Here’s the thing, though. If you don’t know whether or not you need TWAIN support, you almost certainly don’t. If you needed it, you would know. So get the ScanSnap iX500. It is the better scanner. But if you do need TWAIN support, the Epson WorkForce DS-520 is probably the best option.

Epson’s WorkForce scanners are fast, durable workhorses. The ScanSnap is easier to use, but the Epson DS-520 is also a solid option. Epson has learned from Fujitsu, and the DS-520 even looks and costs a lot like the ScanSnap. It isn’t a ScanSnap, though, so get it only if you need TWAIN.

Best Portable Scanner: Fujitsu ScanSnap iX100

The Fujitsu ScanSnap iX100 packs a full-featured wireless scanner into a package about the size of a toilet-paper tube. It is slick and easy to use, and it beats our previous pick for top portable scanner, the Xerox Mobile Scanner, in almost every category.

You can scan documents without connecting the iX100 to a computer, send documents to your smartphone or tablet over wi-fi with the easy-to-use ScanSnap app, and assemble multi-page PDFs.

Plus, it has all those features at a seriously competitive price point.

However, for most mobile scanning, you will do just as well with a smartphone app like Scanbot. Here is a video showing a head-to-head comparison between the iX100 another scanner app, Scanner Pro. (Scanbot is even faster than Scanner Pro, which is why it’s the one I recommend now.)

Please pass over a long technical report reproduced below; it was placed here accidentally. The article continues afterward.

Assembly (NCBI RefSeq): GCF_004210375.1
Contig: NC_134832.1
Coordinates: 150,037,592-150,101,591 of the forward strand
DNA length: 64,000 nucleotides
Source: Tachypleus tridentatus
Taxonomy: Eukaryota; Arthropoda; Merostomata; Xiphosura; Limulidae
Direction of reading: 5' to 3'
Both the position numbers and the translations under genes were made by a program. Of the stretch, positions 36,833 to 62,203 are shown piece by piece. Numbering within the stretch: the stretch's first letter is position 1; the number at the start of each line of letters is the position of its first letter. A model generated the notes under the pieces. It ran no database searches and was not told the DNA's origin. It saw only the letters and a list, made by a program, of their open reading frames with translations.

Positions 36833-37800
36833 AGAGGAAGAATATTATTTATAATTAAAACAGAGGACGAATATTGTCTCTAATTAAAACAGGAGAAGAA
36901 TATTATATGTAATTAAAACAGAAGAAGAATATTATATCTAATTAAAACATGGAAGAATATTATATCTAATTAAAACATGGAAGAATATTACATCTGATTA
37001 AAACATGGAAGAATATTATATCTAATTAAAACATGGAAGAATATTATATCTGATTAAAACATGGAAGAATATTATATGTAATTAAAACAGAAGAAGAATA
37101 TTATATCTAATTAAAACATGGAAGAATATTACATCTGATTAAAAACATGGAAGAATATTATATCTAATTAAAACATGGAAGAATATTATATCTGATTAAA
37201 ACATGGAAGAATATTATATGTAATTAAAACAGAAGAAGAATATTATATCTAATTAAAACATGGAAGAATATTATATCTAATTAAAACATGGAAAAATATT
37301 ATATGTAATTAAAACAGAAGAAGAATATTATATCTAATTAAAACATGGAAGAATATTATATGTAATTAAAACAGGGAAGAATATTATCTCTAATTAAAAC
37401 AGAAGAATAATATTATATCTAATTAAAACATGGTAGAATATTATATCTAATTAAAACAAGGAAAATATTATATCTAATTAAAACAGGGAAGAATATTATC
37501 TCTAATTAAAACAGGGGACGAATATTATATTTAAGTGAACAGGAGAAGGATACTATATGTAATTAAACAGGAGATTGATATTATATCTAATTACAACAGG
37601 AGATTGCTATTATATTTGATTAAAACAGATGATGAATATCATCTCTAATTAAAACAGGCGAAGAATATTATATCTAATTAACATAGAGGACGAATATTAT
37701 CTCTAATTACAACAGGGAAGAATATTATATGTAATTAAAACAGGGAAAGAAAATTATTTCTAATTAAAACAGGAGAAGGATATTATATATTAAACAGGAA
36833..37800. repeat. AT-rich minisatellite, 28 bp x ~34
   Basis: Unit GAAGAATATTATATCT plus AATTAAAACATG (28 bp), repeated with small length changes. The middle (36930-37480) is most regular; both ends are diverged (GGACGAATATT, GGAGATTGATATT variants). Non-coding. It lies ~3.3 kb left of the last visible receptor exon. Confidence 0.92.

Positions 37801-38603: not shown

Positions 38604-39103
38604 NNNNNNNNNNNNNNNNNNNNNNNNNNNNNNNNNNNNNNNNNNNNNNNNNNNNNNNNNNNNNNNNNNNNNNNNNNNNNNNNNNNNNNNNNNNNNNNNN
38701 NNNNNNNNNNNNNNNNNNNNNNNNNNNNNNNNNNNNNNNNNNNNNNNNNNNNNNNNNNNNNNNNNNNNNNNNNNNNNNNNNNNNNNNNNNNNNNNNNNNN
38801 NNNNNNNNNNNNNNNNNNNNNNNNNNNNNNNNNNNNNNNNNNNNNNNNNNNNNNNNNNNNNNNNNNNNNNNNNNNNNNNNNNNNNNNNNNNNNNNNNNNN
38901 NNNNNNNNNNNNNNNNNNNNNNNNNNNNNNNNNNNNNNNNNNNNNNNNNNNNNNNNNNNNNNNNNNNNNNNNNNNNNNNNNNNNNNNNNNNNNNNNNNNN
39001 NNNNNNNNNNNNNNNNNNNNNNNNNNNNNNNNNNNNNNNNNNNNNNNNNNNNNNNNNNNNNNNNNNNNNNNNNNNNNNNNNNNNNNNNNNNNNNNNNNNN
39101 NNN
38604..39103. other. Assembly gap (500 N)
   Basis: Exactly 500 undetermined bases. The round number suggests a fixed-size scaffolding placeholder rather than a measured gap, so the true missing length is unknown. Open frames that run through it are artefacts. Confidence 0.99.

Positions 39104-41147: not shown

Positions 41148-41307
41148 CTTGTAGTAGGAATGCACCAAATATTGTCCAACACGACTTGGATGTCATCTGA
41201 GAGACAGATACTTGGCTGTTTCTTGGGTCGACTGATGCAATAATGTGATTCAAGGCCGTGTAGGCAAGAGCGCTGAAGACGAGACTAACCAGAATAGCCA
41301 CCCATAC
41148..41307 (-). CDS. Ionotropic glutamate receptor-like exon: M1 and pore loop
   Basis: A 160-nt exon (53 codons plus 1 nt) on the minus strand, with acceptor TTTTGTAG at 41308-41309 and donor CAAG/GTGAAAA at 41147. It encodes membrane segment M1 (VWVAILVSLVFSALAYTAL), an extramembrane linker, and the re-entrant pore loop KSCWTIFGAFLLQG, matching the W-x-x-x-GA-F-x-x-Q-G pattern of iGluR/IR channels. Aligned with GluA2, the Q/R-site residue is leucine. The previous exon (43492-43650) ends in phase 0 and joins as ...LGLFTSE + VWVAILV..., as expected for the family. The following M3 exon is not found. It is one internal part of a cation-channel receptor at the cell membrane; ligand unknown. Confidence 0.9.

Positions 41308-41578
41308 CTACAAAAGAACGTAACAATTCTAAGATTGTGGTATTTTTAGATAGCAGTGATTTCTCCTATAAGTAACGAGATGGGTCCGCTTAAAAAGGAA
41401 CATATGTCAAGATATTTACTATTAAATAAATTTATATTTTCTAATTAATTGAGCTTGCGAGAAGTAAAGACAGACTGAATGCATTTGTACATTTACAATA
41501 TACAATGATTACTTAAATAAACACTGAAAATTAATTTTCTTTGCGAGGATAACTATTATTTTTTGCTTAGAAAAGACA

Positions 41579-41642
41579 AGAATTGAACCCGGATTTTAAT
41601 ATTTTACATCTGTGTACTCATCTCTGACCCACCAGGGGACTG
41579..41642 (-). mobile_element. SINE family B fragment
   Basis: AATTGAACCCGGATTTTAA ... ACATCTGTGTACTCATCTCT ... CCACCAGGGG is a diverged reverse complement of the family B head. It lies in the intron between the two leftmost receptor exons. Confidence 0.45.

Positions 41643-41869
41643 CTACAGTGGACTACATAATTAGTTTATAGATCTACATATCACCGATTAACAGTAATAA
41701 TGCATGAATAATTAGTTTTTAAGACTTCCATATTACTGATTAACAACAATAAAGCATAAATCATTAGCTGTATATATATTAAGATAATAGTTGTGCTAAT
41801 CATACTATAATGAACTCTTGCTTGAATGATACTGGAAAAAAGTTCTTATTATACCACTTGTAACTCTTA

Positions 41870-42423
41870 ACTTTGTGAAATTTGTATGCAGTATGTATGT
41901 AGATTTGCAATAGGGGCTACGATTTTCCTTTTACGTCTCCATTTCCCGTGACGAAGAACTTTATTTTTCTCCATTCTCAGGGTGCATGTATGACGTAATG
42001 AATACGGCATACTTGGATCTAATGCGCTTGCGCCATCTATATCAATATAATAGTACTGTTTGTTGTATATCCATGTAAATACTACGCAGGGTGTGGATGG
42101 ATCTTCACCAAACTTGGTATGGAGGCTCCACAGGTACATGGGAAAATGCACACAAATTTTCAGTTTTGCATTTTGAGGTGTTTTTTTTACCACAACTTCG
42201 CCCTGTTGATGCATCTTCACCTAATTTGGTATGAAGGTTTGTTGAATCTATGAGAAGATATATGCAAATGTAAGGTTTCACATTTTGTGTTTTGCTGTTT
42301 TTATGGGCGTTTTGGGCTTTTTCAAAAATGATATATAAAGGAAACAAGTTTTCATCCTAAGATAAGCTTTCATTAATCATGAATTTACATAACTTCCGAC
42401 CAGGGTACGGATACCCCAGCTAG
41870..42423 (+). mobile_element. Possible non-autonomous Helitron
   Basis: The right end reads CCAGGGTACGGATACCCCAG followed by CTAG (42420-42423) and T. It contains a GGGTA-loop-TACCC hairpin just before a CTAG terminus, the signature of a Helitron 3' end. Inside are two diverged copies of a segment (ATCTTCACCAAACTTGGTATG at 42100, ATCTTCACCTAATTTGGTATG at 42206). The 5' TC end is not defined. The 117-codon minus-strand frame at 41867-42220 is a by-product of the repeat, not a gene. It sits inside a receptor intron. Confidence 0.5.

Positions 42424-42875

Best Scanner for Stuff That Doesn’t Fit in Document Scanners: Fujitsu ScanSnap SV600

Sometimes you need to scan things that won’t fit through a document scanner. The ScanSnap SV600 is an overhead scanner that will let you scan books and other objects up to 3 centimeters tall. You can even scan up to 10 documents at once—like that pile of business cards from your last networking lunch. And as you might expect, it is just as easy to use as other ScanSnaps.

If you have special scanning needs, you might want to have a ScanSnap SV600 in your office.


  1. I have rolled with the scan snap since January 2010 when I started my practice. I have original scanners in practice. Incredible quality and performance. Didn’t know they a wifi model…..

  2. Avatar static says:

    Great post. I was beginning to suffer from scan snap withdrawal as you hadn’t posted about scanners for, it seems like, days.

  3. Avatar Art says:

    Check the negative reviews at Amazon before buying this scanner. No Twain support should be a deal breaker for most users. It is not a minor flaw.

    • Avatar Sam Glover says:

      I assume you are referring to the ScanSnap, but it’s not a flaw, and it’s not a dealbreaker for “most users.”

      It is almost certainly a dealbreaker for some users, but as I said, if you know you need TWAIN, don’t get it.

      • It’s a dealbreaker for those of us who use PaperPort for document management. And, the Neat Desktop scanner is a great scanner. I have 3 of them, and 2 of them have been going strong for over 3 years. The Neat software is useless and unnecessary; but, PaperPort, in its recent iterations, is a best in the business poor man’s doc management.